To Keep Reading
Life and health insurance are near-necessities as forms of security for our well-being. So I think the demand for such insurance products should remain robust for many years in the future. This bodes well for life and health insurance companies, assuming they are managed competently.
In Hong Kong’s stock market, Ping An Insurance Group Co (SEHK: 2318) is the veritable giant of insurance companies and happens to be the only Asian insurer deemed “systemically important” by regulators.
Meanwhile, in Singapore’s stock market you have Great Eastern Holding Limited (SGX: G07) which is the only listed company in the Lion City that specialises in life insurance (Prudential (SGX:K6S), another life insurer, is also listed in Singapore, but its primary listing is in London).
However, over the past five years, Great Eastern’s shares have delivered a pedestrian return (including dividends) of 21%. Ping An’s shares, on the other hand, have produced a strong dividend-adjusted return of 209%.
Which of the two insurers is likelier to be the better investment over the next five years?
Great Eastern’s main business activity is to provide life and health insurance products to the public in Singapore and Malaysia. In 2018, Great Eastern earned S$12.1 billion in revenue, of which 97% came from its life and health insurance business. From a geographical perspective, Singapore and Malaysia accounted for 72% and 26% of the company’s revenue in 2018.
On the other hand, Ping An sourced more than 95% of its 2018 total revenue of RMB 1,082 billion (around S$206 billion) from China. The company’s main businesses include life and health insurance (49% of total revenue), property and casualty insurance (21% of total revenue), and banking (20% of total revenue).
A useful measure of the underlying economic values of financial services companies such as Great Eastern and Ping An would be their book value per share. Great Eastern’s book value per share has compounded at a respectable rate of 7.9% per year from S$10.73 in 2013 to S$15.71 in 2018. But Ping An – whose book value per share grew by 21.4% annually from RMB 11.54 to RMB 30.44 – did significantly better in the same timeframe.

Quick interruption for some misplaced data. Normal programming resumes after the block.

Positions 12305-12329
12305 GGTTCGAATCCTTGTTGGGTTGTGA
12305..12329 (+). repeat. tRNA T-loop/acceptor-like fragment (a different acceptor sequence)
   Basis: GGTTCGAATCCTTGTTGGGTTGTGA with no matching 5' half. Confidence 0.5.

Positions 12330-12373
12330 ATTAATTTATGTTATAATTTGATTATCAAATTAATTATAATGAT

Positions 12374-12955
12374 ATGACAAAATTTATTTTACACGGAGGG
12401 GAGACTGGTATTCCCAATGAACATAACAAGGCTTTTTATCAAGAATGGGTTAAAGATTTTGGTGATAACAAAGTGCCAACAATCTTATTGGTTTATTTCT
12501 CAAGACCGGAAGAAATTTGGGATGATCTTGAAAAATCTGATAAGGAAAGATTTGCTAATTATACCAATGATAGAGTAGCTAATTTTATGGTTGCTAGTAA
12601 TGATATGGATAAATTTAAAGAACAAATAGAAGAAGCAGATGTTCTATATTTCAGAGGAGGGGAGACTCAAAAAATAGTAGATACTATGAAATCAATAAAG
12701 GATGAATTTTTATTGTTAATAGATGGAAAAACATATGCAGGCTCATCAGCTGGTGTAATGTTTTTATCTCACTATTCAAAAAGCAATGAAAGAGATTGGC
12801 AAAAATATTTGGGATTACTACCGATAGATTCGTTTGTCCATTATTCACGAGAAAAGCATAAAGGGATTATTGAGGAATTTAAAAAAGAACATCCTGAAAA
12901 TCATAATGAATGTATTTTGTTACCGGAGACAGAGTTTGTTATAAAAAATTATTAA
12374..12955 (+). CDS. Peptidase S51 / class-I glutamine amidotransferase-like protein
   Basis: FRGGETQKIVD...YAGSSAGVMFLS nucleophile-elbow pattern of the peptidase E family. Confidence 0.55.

From a dividend-growth perspective, Ping An also has the better numbers. From 2013 to 2018, Great Eastern’s dividend per share inched up by just 9.1% from S$0.55 to S$0.60, whereas Ping An’s dividend per share surged by 39.5% per year from RMB 0.325 to RMB 1.72.
Winner: Ping An Insurance Group
Future growth opportunities
According to a November 2017 analyst report from Singapore’s largest bank DBS Group Holdings (SGX: D05), developed nations around the world had an average life insurance penetration rate (defined as insurance premium as a percentage of GDP) of 5.1% in 2016.
In the same year, Singapore and China’s life insurance markets had penetration rates of around 5.5% and 2.3%, respectively. These numbers suggest that Ping An’s life insurance business has more room for growth compared to Great Eastern’s.
Ping An’s property and casualty business appears to have large growth opportunities too. This is because China’s property and casualty insurance market had a penetration rate of just 1.8% in 2016, which is much lower than the developed-nations-average of 3.1%.
Then we also have China’s economy growing at a much faster pace than Singapore’s, giving Ping An a stronger tailwind than Great Eastern. For perspective, the International Monetary Fund’s latest projections, released earlier this month, has China’s GDP (gross domestic product) growing at 6.2% in 2019; Singapore’s Ministry of Trade and Industry, on the other hand, expects GDP growth of just 0% to 1.0% for our country this year.
Winner: Ping An Insurance Group
A suitable valuation metric for Great Eastern and Ping An, given the nature of their businesses, is the price-to-book (PB) ratio.
At the time of writing, Great Eastern’s share price of S$24.37 gives it a PB ratio of 1.43 whereas Ping An’s share price of HK$89.50 results in a higher PB ratio of 2.30. All other things being equal, Great Eastern currently has a more attractive valuation.
Winner: Great Eastern
Although Great Eastern has the lower PB ratio and a decent history of growth, its track record and growth opportunities are inferior compared to Ping An’s. As a result, the Hong Kong-listed insurer seems to be the better choice of the two for now from an investing standpoint.
The information provided is for general information purposes only and is not intended to be personalised investment or financial advice. Motley Fool Hong Kong writer Chong Ser Jing does not own shares in any companies mentioned.